In 1989, Carlo Petrini founded the Slow Food movement to counter the opening of McDonalds in Piazza Spagna in Rome and the general rise of fast food in the world. The organization seeks to prevent large, multinational chains from detracting from small businesses and local agriculture. Since 1900, up to 75% of European food product diversity has been lost and over 90% of American food product diversity has been lost during the same period. One study has shown that one vegetable variety is lost every six hours.
Just this past week, Turin was host to the Salone del Gusto and Terra Madre, a biennial international fair that focused on raising awareness to the Slow Food movement. The Salone del Gusto and Terra Madre is a venue where food communities from around the globe join together to provide a sense of hope and enthusiasm for the future of food and farming. This year, the event attracted over 220,000 people over the course of five days. Over sixty percent of the tickets were sold to visitors from outside Italy. Organizers saw that this was proof that despite the poor economy, the vision of Petrini is still real and strong.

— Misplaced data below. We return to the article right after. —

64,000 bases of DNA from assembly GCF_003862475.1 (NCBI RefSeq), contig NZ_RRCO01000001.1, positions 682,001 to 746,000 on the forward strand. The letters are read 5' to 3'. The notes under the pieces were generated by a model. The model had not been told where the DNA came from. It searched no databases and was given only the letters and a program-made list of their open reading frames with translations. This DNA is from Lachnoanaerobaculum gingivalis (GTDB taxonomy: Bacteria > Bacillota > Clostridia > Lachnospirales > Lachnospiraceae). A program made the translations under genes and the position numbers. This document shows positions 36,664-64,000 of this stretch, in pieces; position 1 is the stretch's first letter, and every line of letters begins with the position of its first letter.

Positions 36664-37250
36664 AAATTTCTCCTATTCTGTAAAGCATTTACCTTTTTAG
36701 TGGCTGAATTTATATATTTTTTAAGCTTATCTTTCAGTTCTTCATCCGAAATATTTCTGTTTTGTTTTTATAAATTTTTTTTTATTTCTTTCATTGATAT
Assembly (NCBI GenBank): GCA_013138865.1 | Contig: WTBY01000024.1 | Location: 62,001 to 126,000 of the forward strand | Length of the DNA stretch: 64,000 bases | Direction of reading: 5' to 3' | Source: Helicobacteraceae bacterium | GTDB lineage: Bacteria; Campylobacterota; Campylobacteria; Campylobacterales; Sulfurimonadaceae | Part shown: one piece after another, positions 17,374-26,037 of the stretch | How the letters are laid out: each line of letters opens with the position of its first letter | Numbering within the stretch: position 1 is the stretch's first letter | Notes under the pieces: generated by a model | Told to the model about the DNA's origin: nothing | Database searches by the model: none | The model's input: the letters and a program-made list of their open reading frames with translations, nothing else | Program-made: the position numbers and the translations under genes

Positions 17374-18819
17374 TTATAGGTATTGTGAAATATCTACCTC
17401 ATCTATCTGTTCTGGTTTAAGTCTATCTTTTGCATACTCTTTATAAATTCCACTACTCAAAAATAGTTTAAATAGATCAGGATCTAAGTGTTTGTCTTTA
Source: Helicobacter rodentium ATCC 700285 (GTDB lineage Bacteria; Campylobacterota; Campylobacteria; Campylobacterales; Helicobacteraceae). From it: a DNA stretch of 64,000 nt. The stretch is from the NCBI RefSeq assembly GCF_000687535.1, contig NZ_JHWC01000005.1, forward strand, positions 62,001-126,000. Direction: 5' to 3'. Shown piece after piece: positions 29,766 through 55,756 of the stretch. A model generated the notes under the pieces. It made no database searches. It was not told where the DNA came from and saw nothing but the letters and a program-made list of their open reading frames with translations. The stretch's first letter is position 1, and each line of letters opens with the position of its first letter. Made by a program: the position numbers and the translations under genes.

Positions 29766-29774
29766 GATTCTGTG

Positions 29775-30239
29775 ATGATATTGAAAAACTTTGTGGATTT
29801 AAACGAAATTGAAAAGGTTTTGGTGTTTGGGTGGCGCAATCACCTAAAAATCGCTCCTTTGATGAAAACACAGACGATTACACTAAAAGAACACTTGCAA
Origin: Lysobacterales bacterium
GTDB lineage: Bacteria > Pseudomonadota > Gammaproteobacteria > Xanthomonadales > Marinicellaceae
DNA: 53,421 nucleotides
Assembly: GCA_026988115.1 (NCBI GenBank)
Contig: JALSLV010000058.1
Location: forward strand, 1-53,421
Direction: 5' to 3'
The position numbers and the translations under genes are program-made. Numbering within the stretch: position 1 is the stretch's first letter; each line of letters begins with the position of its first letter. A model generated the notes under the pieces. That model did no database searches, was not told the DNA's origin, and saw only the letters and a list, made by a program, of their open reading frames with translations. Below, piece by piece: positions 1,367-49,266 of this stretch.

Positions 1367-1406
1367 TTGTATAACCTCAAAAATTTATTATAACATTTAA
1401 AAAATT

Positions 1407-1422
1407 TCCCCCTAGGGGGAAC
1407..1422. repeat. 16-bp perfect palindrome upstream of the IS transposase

The event centered on a series of conferences that looked to foster debate and ideas relating to sustainable production and consumption. In addition to the more formal debates, there were a number of events that were geared towards children. In addition to the workshops, vendors, and conferences, this weekend also featured the International Congress of Slow Food. 650 delegates from 90 countries met to determine the future of the movement. While the direction of the movement is uncertain, the future is strong and interest is certainly ever-present.